Abnormal Cannabidiol Modulates Vitamin A Metabolism by Acting as a Competitive Inhibitor of CRBP1
journal contributionposted on 05.02.2019, 00:00 by Josie A. Silvaroli, Made Airanthi K. Widjaja-Adhi, Thomas Trischman, Sylwia Chelstowska, Samantha Horwitz, Surajit Banerjee, Philip D. Kiser, William S. Blaner, Marcin Golczak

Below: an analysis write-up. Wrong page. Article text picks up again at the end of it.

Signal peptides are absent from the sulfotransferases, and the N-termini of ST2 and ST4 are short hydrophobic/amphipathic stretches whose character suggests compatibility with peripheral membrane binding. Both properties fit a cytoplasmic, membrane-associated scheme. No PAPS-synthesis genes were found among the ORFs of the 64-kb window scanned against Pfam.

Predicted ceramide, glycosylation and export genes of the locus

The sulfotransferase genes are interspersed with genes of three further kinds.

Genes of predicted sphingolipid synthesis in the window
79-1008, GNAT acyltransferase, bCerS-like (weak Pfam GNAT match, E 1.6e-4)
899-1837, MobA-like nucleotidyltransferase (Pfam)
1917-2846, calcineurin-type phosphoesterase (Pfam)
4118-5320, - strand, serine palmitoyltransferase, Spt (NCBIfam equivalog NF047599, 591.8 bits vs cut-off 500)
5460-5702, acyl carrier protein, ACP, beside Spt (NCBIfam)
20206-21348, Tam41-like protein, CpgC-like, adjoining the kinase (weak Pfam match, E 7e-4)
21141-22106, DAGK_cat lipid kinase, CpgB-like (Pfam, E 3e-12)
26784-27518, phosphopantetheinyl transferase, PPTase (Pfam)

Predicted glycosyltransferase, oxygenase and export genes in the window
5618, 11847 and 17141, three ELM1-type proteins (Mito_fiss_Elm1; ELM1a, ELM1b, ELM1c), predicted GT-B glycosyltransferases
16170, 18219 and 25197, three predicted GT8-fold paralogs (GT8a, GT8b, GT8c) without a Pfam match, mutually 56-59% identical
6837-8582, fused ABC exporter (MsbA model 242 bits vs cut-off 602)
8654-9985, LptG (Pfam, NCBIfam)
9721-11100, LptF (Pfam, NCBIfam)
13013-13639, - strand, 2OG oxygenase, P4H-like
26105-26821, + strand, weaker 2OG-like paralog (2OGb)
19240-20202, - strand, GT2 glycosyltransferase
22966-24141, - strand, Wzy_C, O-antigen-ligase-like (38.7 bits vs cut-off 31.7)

Cellular retinol-binding proteins (CRBPs) facilitate the uptake and intracellular transport of vitamin A. They integrate retinoid metabolism, playing an important role in regulating the synthesis of bioactive vitamin A metabolites. Thus, CRBPs constitute potential pharmacological targets to modulate cellular retinoid status that in turn may have applications in the treatment of certain immunological, metabolic, and ocular disorders. Here we identify abnormal cannabidiol (abn-CBD) as a nonretinoid inhibitor of cellular retinol-binding protein 1 (CRBP1). X-ray crystal structures of CRBP1 in complex with abn-CBD and its derivatives revealed a distinctive mode of protein–ligand interaction and provided a molecular basis for the high affinity and selectivity of this compound. We demonstrated that abn-CBD modulates the flux of retinoids via the retinoid cycle in vivo. Furthermore, the biological activity of abn-CBD was evidenced by its ability to protect against light-induced retinal damage in Balb/cJ mice. Altogether, our findings indicate that targeting selected CRBPs with a small-molecule inhibitor can potentially lead to the development of new therapeutic agents to counteract diseases with etiologies involving imbalance in retinoid metabolism or signaling.